— Jake Offenhartz (@jangelooff) November 7, 2020
“For 100 years the NYPD managed to deal with protests with nothing more than helmets and in a few rare occasions riot shields,” said Alex Vitale, a sociology professor at Brooklyn College and the author of The End of Policing. “Now they have heavily armored officers, water cannons, more frequent use of pepper spray, long range acoustic devices. It’s an escalation of repression tactics.”
Gothamist’s Freedom of Information requests seeking crowd control training materials were denied by the NYPD. But materials viewed by the Law Department showed that the department’s disorder curriculum is still focused on the discredited “mob mentality” theory. It describes participants in a protest as adrenalized, unpredictable actors who may be experiencing “emotional arousal created through contagion,” according to an excerpt published by the Law Department in December.
Anthony Raganella, who spent eight years as the commanding officer of the NYPD’s Disorder Control Unit prior to the creation of the SRG, said that officers policing protests face a unique set of challenges, and must be prepared for the possibility of unpredictable violence. He noted that dozens of NYPD officers sustained injuries during the Floyd protests, which at times devolved into unrest and looting.
“There has to be a balance between the First Amendment and the mandate of police to maintain public order, and that’s a very delicate balance,” Raganella told Gothamist.
Still, he acknowledged that the NYPD’s approach to crowd control was largely “antiquated.” Before retiring from the force in 2018, Raganella, who describes himself as a “visionary” of the SRG, presented the department with a 13-week training academy for the unit’s officers, with best practices on crowd control that he’d pulled from European police departments. That got whittled down to a two-week program, half of which is spent on using heavy weapons, according to Raganella. “My idea of professionalization and specialization went right out the window,” he said.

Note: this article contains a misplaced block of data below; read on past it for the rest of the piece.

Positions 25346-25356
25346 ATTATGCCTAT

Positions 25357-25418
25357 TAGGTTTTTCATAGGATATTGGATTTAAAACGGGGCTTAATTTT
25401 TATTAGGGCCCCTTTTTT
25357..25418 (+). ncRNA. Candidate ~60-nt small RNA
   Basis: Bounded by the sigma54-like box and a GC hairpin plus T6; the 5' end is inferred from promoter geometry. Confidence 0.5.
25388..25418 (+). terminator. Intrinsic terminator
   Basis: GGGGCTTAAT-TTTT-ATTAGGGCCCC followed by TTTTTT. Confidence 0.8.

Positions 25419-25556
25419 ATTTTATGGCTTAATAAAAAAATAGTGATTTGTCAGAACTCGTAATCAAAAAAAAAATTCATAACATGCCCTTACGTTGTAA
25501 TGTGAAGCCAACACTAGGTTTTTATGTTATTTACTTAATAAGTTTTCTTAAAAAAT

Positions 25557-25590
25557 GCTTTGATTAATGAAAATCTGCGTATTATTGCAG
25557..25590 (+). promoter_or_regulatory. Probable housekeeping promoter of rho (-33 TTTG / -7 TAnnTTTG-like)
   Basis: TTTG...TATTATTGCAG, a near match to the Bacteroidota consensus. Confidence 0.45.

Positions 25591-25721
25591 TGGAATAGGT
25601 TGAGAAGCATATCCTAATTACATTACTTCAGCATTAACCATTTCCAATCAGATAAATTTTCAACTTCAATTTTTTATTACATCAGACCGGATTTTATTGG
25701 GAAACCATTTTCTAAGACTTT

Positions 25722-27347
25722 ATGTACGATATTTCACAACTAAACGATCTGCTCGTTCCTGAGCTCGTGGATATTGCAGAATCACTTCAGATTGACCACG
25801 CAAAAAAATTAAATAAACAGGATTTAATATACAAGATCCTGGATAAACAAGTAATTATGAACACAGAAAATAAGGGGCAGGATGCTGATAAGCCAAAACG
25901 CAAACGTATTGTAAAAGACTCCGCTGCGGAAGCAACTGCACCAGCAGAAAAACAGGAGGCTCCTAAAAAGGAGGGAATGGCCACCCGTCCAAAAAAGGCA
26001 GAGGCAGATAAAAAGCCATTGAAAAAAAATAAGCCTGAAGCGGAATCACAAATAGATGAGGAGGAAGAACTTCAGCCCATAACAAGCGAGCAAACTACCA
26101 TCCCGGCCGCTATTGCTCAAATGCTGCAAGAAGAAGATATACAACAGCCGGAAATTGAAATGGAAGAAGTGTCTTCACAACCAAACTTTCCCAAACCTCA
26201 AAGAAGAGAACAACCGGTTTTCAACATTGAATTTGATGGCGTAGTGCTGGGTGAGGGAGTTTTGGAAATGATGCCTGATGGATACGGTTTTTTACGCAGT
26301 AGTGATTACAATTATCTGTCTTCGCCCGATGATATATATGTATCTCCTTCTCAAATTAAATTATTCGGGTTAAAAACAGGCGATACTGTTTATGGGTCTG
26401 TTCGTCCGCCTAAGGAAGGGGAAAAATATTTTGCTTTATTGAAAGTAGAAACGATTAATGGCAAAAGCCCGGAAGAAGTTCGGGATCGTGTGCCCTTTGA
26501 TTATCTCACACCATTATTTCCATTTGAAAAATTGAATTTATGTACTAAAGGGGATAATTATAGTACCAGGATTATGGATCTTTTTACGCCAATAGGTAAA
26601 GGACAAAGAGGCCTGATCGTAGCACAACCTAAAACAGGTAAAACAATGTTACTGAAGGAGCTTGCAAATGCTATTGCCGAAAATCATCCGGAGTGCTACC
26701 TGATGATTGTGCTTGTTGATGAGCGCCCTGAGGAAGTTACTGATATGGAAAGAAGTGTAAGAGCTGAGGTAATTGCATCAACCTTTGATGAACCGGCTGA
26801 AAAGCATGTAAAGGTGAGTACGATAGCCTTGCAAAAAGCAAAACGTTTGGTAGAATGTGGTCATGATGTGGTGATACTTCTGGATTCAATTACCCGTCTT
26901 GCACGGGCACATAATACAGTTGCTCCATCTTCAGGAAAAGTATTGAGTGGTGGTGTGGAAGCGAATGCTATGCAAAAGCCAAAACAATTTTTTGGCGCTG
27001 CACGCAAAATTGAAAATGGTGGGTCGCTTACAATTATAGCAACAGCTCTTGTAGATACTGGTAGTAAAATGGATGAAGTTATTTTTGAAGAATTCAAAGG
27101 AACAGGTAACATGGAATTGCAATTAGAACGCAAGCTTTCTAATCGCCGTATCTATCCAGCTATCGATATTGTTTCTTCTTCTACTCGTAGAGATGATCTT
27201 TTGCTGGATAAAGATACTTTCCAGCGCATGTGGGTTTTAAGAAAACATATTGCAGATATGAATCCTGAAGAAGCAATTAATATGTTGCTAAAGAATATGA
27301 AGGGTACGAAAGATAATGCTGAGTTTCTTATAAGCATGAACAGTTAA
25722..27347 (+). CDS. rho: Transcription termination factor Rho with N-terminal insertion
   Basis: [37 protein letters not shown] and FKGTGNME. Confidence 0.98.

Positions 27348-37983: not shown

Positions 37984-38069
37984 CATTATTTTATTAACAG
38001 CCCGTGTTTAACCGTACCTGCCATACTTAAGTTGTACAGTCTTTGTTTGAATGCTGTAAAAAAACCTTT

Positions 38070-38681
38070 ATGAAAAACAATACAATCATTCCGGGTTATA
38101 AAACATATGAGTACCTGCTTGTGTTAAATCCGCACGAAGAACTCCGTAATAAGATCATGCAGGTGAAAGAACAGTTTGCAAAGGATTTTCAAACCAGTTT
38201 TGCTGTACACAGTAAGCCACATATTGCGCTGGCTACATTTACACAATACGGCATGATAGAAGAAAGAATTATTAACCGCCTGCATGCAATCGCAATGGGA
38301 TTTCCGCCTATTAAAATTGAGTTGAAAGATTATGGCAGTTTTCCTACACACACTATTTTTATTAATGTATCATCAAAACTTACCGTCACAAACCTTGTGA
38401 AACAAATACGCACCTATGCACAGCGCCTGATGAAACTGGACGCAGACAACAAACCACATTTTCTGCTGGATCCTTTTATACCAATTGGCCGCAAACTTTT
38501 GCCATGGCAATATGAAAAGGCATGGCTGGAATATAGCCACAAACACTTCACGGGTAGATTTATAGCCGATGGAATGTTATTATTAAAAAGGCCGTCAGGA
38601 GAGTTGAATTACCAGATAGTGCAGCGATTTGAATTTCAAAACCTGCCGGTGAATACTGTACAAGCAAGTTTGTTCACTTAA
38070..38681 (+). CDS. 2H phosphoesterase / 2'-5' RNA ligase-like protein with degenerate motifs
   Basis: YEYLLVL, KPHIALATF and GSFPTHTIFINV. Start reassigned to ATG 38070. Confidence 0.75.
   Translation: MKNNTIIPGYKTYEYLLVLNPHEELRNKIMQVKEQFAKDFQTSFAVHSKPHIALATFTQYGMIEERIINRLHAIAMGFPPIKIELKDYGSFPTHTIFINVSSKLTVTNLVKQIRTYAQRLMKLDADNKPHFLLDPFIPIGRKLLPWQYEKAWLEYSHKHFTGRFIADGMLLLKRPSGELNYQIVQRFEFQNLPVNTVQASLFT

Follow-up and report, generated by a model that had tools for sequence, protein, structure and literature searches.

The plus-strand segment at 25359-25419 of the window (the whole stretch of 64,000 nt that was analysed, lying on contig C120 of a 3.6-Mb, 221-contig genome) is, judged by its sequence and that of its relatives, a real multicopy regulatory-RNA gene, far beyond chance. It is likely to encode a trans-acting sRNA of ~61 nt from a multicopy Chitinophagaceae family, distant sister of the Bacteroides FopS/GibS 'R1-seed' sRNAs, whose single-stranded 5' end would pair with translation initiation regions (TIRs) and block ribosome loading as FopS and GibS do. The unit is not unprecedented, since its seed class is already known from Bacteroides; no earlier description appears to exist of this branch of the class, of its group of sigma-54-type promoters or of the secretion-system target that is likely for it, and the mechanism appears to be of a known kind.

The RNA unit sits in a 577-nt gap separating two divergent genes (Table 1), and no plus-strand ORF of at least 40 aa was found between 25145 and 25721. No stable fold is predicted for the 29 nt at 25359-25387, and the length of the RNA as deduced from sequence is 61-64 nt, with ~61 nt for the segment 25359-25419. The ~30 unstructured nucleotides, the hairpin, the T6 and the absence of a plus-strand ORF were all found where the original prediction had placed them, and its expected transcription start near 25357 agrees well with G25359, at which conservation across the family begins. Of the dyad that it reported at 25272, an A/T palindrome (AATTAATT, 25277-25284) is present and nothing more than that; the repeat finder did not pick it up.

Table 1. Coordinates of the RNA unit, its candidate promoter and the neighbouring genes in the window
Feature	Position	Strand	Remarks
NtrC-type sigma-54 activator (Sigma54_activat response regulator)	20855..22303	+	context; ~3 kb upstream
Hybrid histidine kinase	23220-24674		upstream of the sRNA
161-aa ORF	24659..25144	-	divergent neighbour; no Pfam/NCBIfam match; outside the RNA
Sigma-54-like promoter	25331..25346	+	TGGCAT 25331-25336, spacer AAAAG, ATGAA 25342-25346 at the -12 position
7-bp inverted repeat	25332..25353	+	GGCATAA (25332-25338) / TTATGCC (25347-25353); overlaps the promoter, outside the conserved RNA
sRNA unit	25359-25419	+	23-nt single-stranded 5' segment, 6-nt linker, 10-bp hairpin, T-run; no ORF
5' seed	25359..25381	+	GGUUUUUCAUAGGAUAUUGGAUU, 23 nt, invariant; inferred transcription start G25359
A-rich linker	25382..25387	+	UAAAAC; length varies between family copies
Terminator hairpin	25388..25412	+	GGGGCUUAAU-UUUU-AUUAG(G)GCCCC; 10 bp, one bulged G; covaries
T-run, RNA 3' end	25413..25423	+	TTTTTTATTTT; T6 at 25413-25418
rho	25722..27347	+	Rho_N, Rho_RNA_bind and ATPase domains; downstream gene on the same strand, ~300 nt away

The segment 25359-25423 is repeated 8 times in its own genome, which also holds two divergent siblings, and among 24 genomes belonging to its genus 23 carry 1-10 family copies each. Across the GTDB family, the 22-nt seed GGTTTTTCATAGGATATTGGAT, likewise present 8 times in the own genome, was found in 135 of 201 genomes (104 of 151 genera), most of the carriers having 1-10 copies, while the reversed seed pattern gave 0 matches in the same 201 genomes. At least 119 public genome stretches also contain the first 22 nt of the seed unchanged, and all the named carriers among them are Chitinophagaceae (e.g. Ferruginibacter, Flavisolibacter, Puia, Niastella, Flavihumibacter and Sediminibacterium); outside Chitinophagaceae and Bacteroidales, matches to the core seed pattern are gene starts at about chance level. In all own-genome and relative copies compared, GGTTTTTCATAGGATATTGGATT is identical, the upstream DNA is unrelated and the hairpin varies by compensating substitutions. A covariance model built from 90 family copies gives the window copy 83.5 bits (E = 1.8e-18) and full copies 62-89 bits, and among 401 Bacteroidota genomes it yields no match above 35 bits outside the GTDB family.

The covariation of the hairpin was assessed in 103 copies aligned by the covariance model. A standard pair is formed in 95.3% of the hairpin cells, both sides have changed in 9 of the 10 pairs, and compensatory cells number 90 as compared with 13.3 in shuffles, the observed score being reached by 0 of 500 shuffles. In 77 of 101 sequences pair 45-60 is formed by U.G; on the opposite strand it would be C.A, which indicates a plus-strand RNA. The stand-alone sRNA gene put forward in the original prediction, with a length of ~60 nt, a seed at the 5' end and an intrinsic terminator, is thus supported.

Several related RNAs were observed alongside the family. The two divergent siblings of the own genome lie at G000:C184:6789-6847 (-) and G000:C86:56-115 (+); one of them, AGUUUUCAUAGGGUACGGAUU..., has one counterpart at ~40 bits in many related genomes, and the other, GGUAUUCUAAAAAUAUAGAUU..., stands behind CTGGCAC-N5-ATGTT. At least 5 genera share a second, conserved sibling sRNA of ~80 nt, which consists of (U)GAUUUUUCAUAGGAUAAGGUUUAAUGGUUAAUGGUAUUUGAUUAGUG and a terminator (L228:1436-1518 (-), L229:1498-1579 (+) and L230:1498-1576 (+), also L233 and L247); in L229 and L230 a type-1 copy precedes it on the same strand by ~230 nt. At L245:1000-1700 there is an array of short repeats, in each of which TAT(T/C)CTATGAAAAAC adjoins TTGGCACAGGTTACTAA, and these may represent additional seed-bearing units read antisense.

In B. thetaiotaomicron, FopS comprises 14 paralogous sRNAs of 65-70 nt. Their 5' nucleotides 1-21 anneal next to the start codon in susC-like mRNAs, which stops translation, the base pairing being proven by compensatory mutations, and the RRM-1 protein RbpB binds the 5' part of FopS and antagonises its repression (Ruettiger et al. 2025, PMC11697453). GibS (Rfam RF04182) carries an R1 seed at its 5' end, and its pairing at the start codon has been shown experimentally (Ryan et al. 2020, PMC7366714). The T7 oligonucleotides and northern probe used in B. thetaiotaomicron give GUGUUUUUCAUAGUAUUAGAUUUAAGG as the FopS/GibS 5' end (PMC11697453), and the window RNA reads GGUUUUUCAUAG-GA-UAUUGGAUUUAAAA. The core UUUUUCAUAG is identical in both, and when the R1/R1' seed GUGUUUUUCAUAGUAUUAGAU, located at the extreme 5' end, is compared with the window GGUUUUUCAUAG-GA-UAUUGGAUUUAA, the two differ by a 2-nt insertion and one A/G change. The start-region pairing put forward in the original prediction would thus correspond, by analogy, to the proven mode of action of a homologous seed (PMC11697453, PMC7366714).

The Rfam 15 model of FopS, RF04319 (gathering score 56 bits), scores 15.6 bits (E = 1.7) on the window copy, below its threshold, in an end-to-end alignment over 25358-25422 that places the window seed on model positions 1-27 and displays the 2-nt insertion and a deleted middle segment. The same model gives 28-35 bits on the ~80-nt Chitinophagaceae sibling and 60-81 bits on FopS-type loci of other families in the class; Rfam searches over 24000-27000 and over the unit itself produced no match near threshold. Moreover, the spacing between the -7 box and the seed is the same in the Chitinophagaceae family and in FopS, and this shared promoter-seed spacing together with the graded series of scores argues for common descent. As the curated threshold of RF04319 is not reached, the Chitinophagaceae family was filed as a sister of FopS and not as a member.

As part of his promise to reform the department, de Blasio has pledged to implement a series of policy changes, outlined by the Department of Investigation, focused on the policing of protests. The document’s first two items call on the NYPD to create a new Protest Response Unit that does not report to the SRG and to update its Patrol Guide with a policy on protests, developed with help from civil rights attorneys and community members.
The NYPD did not respond to a list of questions about the current status of those recommendations. In an email to Gothamist, a police spokesperson said that the department handles up to 10 protests on a daily basis, most of which do not involve the SRG. “The NYPD now positions Community Affairs Officers in front of protestors but also utilizes resources as warranted in a flexible manner,” according to a spokesperson, Sergeant Jessica McRorie.
This is from Monday night, MLK day. @NYCMayor have you seen the video yet?!
We were standing on the sidewalk chanting “Black Lives Matter” when out of nowhere, provoked by nothing, the cops charge right at us and try to grab us for arrest. pic.twitter.com/oWCu1x6COd
— Hillary Wright (@hillarywright) January 22, 2021
“Our first goal is protecting the safety and first amendment rights of protesters,” mayoral spokesperson Avery Cohen added in a separate statement. “Consistent with the recommendations of DOI, we’ve made a tactical shift in our protest response, designating Community Affairs staff as the primary liaisons on the ground. We look forward to implementing DOI’s broader set of recommendations.”
Even after the recommendations took effect, the SRG has continued to respond forcefully to Black Lives Matter protests, most notably during a Martin Luther King Day demonstration last month. Reform advocates say that the agency’s deeply ingrained attitude toward protesters means that many of the problems SRG will likely persist, regardless of which part of the agency is technically in charge.
“Putting a few officers in blue community affairs jackets in front of the police line isn’t new,” said Vitale, the Brooklyn College professor. “It’s window dressing.”
“The mayor gave free rein to the NYPD to dramatically expand their political policing with no public oversight or accountability,” he added. “People have no choice but to take to the streets.”